Online, he went by the name "Dread Pirate Roberts" and ran what authorities called "the most sophisticated and extensive criminal marketplace on the Internet today."
But his real name, according to an FBI criminal complaint released Wednesday, was Ross William Ulbricht. And despite allegedly operating a sprawling black market bazaar that earned $1.2 billion in sales, the 29-year-old lived a humble lifestyle, paying $1,000 a month for a room in a San Francisco apartment he shared with two roommates.
On Wednesday, the FBI said they had arrested Ulbricht and shut down his website, Silk Road, which had become a booming marketplace for illegal drugs, computer hacking tools and other illicit goods and services.
Ulbricht had been operating the site since January 2011 under the online nickname "Dread Pirate Roberts," an apparent reference to a fictional character from "The Princess Bride" book and movie, according to the FBI.
Silk Road was an underground market for thousands of drug dealers around the world to anonymously sell large amounts of marijuana, heroin, LSD and cocaine, the FBI said in the complaint.
As of last month, there were nearly 13,000 listings on the site for illegal narcotics with categories such as "Psychedelics," "Stimulants" and "Cannabis," according to the complaint. Cybercriminals also used Silk Road to hawk documents to create fake identities, tools for computer hacking, and stolen logins to Netflix and Amazon accounts, authorities said. As part of their investigation, undercover FBI agents made more than 100 drug purchases from Silk Road vendors who were located in 10 different countries, the complaint said.
Authorities have known about Silk Road for some time. Sen. Charles Schumer (D-N.Y) called it "a certifiable one-stop shop for illegal drugs that represents the most brazen attempt to peddle drugs online that we have ever seen" in 2011. On Wednesday, Schumer issued a statement saying "the country is safer now that this open market for law-breaking has been shuttered.”
Ulbricht disguised his identity -- and those of Silk Road's visitors -- by using Tor, a network that encrypts Internet traffic by routing it through computers around the world, the FBI said. He added another layer of anonymity by requiring all transactions to be made in Bitcoins, a digital currency that is virtually untraceable.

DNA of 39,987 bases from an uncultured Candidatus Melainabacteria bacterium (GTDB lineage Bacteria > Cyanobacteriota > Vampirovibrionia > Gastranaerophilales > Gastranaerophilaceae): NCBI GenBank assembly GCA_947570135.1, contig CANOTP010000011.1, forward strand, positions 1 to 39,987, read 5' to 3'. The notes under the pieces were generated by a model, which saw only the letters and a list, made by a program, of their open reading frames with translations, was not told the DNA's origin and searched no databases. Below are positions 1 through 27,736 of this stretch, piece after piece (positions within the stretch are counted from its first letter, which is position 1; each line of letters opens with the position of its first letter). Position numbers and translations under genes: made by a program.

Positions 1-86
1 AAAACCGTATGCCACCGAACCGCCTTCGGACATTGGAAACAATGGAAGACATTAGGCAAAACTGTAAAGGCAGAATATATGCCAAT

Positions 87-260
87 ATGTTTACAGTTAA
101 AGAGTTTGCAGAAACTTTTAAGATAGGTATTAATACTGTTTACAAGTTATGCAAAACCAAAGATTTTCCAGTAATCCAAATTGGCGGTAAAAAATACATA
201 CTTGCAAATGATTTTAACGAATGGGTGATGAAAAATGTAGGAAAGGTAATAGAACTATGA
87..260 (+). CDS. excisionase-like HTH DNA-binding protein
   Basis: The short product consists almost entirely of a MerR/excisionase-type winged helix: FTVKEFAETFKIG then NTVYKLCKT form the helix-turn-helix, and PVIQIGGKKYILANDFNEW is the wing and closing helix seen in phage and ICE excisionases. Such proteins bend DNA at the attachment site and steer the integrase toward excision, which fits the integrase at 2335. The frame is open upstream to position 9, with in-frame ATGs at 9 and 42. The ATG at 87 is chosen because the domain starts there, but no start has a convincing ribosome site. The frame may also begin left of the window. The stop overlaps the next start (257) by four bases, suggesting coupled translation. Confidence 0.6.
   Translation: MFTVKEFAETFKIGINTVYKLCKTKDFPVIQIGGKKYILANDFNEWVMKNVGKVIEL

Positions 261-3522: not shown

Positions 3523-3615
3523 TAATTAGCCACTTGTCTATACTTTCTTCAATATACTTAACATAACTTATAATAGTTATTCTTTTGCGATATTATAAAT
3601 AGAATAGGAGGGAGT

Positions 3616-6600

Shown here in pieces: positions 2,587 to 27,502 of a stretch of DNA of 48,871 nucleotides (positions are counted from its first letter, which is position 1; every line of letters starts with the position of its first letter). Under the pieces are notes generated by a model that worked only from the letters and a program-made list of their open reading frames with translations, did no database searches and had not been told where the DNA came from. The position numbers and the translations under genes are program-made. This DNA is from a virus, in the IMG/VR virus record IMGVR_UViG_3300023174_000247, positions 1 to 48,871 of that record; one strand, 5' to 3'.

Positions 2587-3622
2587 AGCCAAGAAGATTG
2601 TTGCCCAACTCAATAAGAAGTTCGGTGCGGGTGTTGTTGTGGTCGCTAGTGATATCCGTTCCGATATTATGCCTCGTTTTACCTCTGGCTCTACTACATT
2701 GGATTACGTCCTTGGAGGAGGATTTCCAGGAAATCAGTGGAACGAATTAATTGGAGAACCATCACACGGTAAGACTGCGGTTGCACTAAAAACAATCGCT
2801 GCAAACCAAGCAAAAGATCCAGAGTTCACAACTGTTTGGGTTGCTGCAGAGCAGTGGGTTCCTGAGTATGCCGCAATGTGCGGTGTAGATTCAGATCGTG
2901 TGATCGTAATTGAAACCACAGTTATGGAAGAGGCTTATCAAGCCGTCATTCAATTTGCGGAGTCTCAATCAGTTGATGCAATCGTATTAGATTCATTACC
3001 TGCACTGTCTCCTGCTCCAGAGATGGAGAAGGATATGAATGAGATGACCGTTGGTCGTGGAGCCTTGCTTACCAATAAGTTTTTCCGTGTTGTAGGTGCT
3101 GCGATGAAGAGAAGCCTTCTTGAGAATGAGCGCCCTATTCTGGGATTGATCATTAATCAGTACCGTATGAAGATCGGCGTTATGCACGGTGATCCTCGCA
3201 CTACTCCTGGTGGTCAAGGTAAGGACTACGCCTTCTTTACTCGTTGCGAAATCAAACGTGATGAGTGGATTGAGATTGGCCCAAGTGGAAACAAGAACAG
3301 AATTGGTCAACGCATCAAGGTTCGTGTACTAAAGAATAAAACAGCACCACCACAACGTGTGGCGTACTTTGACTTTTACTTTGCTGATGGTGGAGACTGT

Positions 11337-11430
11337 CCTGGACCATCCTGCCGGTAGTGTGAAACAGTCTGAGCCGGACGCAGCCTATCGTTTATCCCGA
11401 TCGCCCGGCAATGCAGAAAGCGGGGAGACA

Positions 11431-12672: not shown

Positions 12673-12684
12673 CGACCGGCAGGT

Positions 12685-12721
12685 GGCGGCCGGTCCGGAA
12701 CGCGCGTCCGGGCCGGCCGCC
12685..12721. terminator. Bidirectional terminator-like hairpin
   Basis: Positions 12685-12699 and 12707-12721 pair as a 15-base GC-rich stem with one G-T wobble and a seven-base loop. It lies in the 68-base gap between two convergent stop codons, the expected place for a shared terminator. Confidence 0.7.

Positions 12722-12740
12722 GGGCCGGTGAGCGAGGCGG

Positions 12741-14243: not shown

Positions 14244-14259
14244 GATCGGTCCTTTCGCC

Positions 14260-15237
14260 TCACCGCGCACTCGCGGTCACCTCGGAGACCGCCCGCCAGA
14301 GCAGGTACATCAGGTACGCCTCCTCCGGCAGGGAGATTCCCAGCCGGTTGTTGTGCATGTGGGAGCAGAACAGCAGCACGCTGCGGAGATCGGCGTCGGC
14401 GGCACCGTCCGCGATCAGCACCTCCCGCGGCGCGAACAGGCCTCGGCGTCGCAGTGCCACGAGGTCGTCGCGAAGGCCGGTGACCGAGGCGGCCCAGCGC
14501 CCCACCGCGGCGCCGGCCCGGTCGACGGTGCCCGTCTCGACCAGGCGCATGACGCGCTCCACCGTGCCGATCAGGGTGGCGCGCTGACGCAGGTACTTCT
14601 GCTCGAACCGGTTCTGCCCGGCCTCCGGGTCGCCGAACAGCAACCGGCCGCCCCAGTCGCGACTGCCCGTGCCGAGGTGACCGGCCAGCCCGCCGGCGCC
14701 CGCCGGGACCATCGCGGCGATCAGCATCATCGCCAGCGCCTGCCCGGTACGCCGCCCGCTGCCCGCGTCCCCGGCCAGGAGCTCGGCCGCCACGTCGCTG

He was fiercely protective of his users' identities, according to authorities. When one person threatened to publicly release the names of Silk Road visitors, Ulbricht allegedly offered to pay another Silk Road user to have him killed -- though there was no evidence the murder-for-hire scheme took place, the FBI said.
"This kind of behavior is unforgivable to me," Ulbricht allegedly said in reference to the threat, according to the FBI. "Especially here on Silk Road, anonymity is sacrosanct."
Ulbricht also offered tips on how to conduct transactions without being caught by law enforcement, authorities said. His website told sellers to "vacuum seal" packages of narcotics to avoid drug-sniffing dogs and instructed buyers to have drugs sent to addresses other than their own, according to court documents.
But Ulbricht did not always take such precautions with his own anonymity. Authorities said they were led to his doorstep after Canadian border officials seized a package containing counterfeit identity documents addressed to his apartment in San Francisco. The FBI alleged in its complaint that Ulbricht planned to use fake IDs to rent more servers to run Silk Road. He also accessed a Silk Road server from an Internet cafe 500 feet from where he was staying, authorities said.
The FBI complaint references Ulbricht's LinkedIn profile, and says the agency understands that he graduated with a physics degree from University of Texas at Dallas in 2006, then attended graduate school at the University of Pennsylvania School of Materials Science and Engineering.
Ulbricht's LinkedIn profile matches the FBI's quotes and information -- though it lists Pennsylvania State University instead of the University of Pennsylvania for graduate school. An FBI spokesman confirmed that the profile belonged to Ulbricht.
In its complaint, the FBI notes that according to Ulbricht's LinkedIn profile, his goals "shifted" after graduate school, and he became focused on giving people "a first-hand experience of what it would be like to live in a world without the systemic use of force" by "institutions and governments."
Ulbricht was arrested Tuesday in San Francisco at a public library, according to Forbes.
Authorities charged Ulbricht with narcotics trafficking, money laundering and computer hacking. Calls to a number listed under his name were not returned. The Silk Road website has since been replaced by a banner that says the site has been seized by the FBI, DEA, IRS Criminal Division and ICE Homeland Security Investigations.
"He is a really stellar, good person and very idealistic," Ulbricht's mother, Lyn Lacava, told Reuters. "I know he never meant to hurt anyone."
In a recent profile in Forbes magazine, the operator of Silk Road, who did not reveal his actual name, told a reporter that he never held meetings in person, "even with my closet advisers," and took measures to disguise his identity online out of fear that authorities were closing in.
"The highest levels of government are hunting me," he told Forbes. "I can’t take any chances.”
This story was updated with FBI confirmation of Ulbricht's LinkedIn profile. The Huffington Post reporters William Goodman and Andres Jauregui contributed to this report.